DrScott 18:36 17 Jul 2007

click here

The new idea to increase the availability of donor organs. What do people think?

Personally, it's a good idea in theory, though it may add yet another emotional trauma to relatives who have been holding a vigil by their brain dead family member. It's a horrible ordeal to go through.

Some have suggested stronger laws so that those who do choose donate organs cannot have their request overturned by family members (by them not agreeing to sample tissue typing and infectious disease screening).

It's a subject that tends to bring out strong views, so I'll be interested to see which way the forum leans.

  GANDALF <|:-)> 18:59 17 Jul 2007

I think it is a brilliant idea which, I believe, has been running in NZ for some time.

If you are brown bread then losing a few of your organs is the last thing that would be on your mind. I carry a full donor card with me most of the time but I do occasionally forget. Not having my name on the opt-out database will means that whatever happens my organs can be whipped out PDQ. It is unfair and time consuming to ask, already distressed relative if one can harvest the organs from the corpse. Can't see the point of burning or letting perfectly good organs rot and without wishing to be harsh and insensitive, it is hugely selfish as well.

Anyone who is frightened, in pain, cannot live a normal life and is desperate for a new organ may probably agree with me.


  exdragon 19:01 17 Jul 2007

I'm for the 'opt out' too and have made it quite plain to my family that in no way should they refuse to let any bits of me go - the medics can have whatever they want. Some may say it's foolish and that it will lead to still-alive bodies being plundered, but I don't believe it.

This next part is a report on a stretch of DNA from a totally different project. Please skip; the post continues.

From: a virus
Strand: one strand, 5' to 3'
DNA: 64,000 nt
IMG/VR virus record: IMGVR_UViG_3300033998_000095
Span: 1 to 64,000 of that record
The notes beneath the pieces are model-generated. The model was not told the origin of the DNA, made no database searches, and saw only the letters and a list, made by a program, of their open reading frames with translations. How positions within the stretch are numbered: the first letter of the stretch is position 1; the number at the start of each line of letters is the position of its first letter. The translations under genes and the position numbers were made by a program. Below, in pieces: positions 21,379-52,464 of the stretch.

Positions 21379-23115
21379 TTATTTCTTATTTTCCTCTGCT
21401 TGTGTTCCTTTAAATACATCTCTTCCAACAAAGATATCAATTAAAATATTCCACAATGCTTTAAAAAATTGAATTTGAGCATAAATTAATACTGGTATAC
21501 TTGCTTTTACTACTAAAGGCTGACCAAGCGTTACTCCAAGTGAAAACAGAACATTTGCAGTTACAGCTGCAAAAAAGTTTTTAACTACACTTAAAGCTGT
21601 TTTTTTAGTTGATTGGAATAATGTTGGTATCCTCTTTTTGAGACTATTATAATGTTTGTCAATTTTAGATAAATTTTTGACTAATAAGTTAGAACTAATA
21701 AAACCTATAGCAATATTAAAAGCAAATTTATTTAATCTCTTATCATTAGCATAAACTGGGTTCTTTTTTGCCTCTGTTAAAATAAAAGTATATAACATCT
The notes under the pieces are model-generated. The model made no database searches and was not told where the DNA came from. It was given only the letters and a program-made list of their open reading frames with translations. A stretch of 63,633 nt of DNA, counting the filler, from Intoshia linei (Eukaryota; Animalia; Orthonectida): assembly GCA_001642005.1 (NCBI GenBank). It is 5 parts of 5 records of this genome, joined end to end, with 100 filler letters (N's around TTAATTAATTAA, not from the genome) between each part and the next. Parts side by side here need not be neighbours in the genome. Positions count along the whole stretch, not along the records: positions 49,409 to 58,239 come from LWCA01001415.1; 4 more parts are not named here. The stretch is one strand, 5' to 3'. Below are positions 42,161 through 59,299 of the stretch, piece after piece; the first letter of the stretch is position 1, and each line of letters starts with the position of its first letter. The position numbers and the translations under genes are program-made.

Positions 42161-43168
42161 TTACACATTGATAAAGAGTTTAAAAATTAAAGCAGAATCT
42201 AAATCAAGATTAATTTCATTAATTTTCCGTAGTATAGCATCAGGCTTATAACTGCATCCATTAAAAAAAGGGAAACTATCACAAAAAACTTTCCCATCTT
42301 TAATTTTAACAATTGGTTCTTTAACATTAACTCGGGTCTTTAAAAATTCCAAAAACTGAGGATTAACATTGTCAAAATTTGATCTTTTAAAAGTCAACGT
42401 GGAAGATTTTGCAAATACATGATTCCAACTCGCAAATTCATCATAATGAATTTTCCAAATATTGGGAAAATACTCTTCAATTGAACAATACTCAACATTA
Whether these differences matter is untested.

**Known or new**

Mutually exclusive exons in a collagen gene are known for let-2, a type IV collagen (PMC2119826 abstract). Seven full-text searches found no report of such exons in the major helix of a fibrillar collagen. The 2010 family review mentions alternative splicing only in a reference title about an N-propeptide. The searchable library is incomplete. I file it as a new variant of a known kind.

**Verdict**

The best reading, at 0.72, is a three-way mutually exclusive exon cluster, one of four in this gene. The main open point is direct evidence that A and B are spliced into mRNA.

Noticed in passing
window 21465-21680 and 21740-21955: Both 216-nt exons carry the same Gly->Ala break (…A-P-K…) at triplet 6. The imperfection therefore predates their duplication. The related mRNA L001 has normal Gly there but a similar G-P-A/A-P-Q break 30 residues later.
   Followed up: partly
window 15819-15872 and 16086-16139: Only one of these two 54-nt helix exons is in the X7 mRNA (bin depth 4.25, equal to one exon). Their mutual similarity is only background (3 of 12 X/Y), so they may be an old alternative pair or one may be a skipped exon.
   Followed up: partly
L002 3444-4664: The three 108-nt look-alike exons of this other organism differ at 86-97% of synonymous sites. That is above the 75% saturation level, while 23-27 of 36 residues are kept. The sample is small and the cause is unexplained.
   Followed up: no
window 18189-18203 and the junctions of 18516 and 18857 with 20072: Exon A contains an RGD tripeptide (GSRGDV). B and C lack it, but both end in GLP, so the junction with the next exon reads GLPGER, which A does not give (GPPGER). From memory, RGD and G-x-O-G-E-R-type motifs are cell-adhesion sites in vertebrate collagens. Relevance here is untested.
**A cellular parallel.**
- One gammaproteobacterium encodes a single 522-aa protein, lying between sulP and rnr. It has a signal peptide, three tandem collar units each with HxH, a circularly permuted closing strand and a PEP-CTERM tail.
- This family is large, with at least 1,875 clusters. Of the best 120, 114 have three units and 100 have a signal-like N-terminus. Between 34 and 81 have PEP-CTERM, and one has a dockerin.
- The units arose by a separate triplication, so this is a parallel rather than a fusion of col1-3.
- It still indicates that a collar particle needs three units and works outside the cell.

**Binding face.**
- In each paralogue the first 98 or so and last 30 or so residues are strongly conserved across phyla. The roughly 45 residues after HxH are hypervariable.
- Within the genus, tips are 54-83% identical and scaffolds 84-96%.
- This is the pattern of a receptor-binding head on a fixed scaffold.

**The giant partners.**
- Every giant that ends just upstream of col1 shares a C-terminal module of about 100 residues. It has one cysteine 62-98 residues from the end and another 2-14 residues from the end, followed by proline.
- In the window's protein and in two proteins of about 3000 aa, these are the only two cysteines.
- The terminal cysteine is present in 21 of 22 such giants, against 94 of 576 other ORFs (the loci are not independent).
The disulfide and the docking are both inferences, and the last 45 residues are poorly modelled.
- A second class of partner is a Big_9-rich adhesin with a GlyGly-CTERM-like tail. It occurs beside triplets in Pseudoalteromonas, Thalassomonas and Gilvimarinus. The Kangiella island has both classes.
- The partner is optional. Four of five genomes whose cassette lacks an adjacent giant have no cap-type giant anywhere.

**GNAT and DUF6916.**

I have no wish to be buried as an entire whole body: my family don't live in this country and I should hate to lie in a neglected grave. I personally find the thought of cremation very distressing - I can't understand how anyone can burn someone they have loved, seeing them reduced to a handful of ash. I have no problem, however, with my remaining bits and pieces being cremated after the useful things have been taken.

My dad left his body for research, with strict instructions that my mother was not to be told when the doctors had finished with it. She did find out, however, and a year after he died, she was contacted by the hospital. Some members from the team who had been involved invited her to attend a memorial event, and she was told how much his decision was appreciated. OK, some people may say we were naive and that it was probably not his remains etc etc, but she felt good about it.

  Curio 19:02 17 Jul 2007

GANDALF <|:-)> Concur.

  Forum Editor 19:05 17 Jul 2007

that means more donors.

A few years back I spent some time with the people who run the UK transplant coordination system in Bristol click here

and then with a transplant retrieval team at one of the Bristol hospitals. I also interviewed kidney patients on dialysis and the bereaved relatives of organ donors. I was writing a freelance feature on organ transplants, and a friendly Health Minister opened every door for me.

What I saw and learnt during my time in Bristol opened my eyes to two things - the dedication and skill of the people who work in transplant surgery and donor/recipient matching, and the human misery that results from having to wait, sometimes for years, until a suitable organ becomes available.

I vividly remember meeting a couple whose son had popped out for a bottle of wine for a Summer's evening family barbecue, and had never come home - he died as the result of a motorbike accident, not a half mile from their country home. These people had no other children, and it was impossible not to shed a tear as I listened to them say how proud they were that their son's organs had gone to give a new lease of life to two other people. They had made contact with one of the recipients, and the fact that this person had a decent quality of life because of their son's heart and lungs made it slightly easier for them to live with their very evident grief.

So yes, I'm very much in favour of anything which increases the supply of donor organs.